When you think about world records, you probably think about the fastest, tallest, biggest, … stuff in history mankind built or did. But how about small and tiny things? Usually, the small stuff is not that interesting compared to big boys toys. We all probably like the world’s largest commercial jet airliner, the Airbus A380.
Throughout my travels, I found three minimalistic world records in Oregon, which are impressive and never thought about having a world record for these kinds of things.
World’s smallest Park – Mill Ends Park in Portland
In 1948 the site of the park, the median strip of SW Naito Parkway, was intended to be a site for a light pole. When weed started to sprout out of the opening and the light pole failed to appear, Dick Fagan planted flowers in the hole and called it Mill Ends Park. Fagan, a columnist for the Oregon Journal, named it after his column in the paper, “Mill Ends”.
The park was dedicated on St. Patrick’s Day, 1948 and was named an official city park in 1976. The park has a total area of 452 sq in (0.292 m²). It is the smallest park in the world, according to the Guinness Book of Records, which first granted it this recognition in 1971.
World’s smallest natural navigable harbor – Depoe Bay Harbor
Yes, there are smaller harbors than this one in the world. The big difference is that this is the world’s smallest natural navigable harbor. Especially during stormy days, the approach into the harbor can be a challenge. On a nice and sunny day, it’s a piece of cake to get in and out of the harbor. Depoe Bay is one of the youngest towns on the Oregon coast. It got started in 1927 when the bridge and highway were built. In the summer time, the small town is crowded with tourists. The harbor as a Guinness World Record is not the reason for all the tourists, it’s mainly fishing, whale watching and the Sprouting Horn. The Sprouting horn is a two-foot-wide underwater cave that channels incoming breakers straight up. In heavy surf it can soak the sidewalk on Highway 101.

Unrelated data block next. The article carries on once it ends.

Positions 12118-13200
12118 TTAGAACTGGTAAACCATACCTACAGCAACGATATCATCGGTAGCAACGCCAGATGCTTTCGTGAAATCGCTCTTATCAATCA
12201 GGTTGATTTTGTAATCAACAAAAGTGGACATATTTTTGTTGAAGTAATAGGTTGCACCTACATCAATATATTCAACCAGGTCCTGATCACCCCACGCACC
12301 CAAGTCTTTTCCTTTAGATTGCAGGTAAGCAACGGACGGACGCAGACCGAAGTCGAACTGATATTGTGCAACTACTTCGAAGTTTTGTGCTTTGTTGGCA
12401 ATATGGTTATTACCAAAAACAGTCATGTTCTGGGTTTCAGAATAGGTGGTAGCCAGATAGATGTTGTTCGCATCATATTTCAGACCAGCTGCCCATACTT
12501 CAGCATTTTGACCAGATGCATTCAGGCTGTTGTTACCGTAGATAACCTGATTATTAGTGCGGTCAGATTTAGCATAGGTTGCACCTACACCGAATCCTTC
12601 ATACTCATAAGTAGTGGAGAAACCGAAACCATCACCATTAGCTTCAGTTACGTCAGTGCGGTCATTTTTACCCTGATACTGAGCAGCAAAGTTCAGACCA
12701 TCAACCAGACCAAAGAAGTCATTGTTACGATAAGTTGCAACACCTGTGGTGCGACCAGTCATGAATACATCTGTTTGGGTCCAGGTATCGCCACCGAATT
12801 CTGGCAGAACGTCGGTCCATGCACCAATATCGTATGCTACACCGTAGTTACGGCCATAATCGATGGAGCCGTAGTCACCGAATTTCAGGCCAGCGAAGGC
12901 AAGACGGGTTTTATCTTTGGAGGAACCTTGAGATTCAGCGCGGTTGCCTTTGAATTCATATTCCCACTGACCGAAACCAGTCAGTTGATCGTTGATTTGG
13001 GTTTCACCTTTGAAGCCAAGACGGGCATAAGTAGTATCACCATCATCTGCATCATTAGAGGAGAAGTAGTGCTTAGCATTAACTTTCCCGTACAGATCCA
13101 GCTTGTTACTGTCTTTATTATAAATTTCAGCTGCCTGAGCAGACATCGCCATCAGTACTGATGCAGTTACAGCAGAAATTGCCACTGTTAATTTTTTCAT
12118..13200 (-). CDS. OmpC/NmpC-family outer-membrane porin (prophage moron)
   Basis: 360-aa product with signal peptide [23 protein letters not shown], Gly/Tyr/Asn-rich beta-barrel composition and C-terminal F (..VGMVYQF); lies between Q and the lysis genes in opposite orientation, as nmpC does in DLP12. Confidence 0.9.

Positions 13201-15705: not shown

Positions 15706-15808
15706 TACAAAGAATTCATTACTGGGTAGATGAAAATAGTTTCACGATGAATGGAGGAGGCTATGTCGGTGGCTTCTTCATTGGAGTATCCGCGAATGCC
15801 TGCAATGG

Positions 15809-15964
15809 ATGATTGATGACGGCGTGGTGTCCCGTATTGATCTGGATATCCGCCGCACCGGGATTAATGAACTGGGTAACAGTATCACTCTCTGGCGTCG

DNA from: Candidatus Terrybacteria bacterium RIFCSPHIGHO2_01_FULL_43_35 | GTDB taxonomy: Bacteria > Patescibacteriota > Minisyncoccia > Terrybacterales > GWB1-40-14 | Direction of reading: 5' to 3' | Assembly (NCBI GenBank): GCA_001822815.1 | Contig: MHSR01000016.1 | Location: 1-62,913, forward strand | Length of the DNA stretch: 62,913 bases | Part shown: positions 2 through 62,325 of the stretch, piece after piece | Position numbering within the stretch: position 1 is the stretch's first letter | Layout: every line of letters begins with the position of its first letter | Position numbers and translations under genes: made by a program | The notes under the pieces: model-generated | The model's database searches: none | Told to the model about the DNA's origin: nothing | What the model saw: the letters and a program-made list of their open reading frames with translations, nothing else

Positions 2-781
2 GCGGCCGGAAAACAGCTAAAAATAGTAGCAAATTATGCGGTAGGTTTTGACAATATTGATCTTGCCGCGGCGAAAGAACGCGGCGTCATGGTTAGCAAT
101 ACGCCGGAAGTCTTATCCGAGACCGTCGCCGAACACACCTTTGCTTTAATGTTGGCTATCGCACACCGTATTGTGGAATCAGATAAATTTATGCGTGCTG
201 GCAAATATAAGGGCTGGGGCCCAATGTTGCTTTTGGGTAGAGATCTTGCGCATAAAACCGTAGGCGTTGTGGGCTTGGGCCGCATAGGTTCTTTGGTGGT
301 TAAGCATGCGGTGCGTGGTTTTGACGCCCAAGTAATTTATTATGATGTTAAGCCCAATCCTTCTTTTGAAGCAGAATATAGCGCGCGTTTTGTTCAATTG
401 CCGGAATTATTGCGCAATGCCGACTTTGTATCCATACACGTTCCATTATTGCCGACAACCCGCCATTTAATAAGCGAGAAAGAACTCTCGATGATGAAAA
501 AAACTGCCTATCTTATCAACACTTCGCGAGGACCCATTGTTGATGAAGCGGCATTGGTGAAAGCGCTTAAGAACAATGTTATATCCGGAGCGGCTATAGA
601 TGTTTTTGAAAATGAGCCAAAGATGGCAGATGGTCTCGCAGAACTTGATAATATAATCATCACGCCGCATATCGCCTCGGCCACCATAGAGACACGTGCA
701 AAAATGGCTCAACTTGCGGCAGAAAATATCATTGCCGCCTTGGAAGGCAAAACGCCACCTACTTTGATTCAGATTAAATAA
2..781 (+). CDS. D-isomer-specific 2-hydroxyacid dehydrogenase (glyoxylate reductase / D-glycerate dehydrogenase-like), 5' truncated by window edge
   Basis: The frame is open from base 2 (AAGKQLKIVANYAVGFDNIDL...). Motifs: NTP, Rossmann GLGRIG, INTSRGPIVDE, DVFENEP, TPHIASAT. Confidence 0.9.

Fifteen miles up north on Highway 101 you find the world’s shortest river.
World’s shortest River – D River in Lincoln City
When you pass through Lincoln City, you will see a sign with “World’s shortest – D River”. With 440 feet (130 m) it was listed in the Guinness World Records as the world’s shortest river. This title was lost in 1989 when Guinness World Records named the Roe River in Montana as the world’s shortest river.
Lincoln City tried to reclaim the title and submitted a new measurement of about 120 feet (37 m) marked at “extreme high tide”. Starting in 2006, the Guinness Book of World Records doesn’t list a category for shortest river anymore.
D River flows from Devils Lake, under highway 101, and into the Pacific Ocean. Besides being the shortest river, it is also the river with the shortest name.
What world records did you see on your travels? Let me know in the comments.
Peter has a passion for Traveling, Photography, and Geocaching. These are the best ingredients for amazing adventures all over the globe. “Traveling is fun, no matter if you stay in a luxury hotel or travel like a backpacker.” Peter shares his experiences on his Blog www.gatetoadventures.com
Some of Peter’s photos are published on corporate websites, in-flight magazines, travel guides, and much more.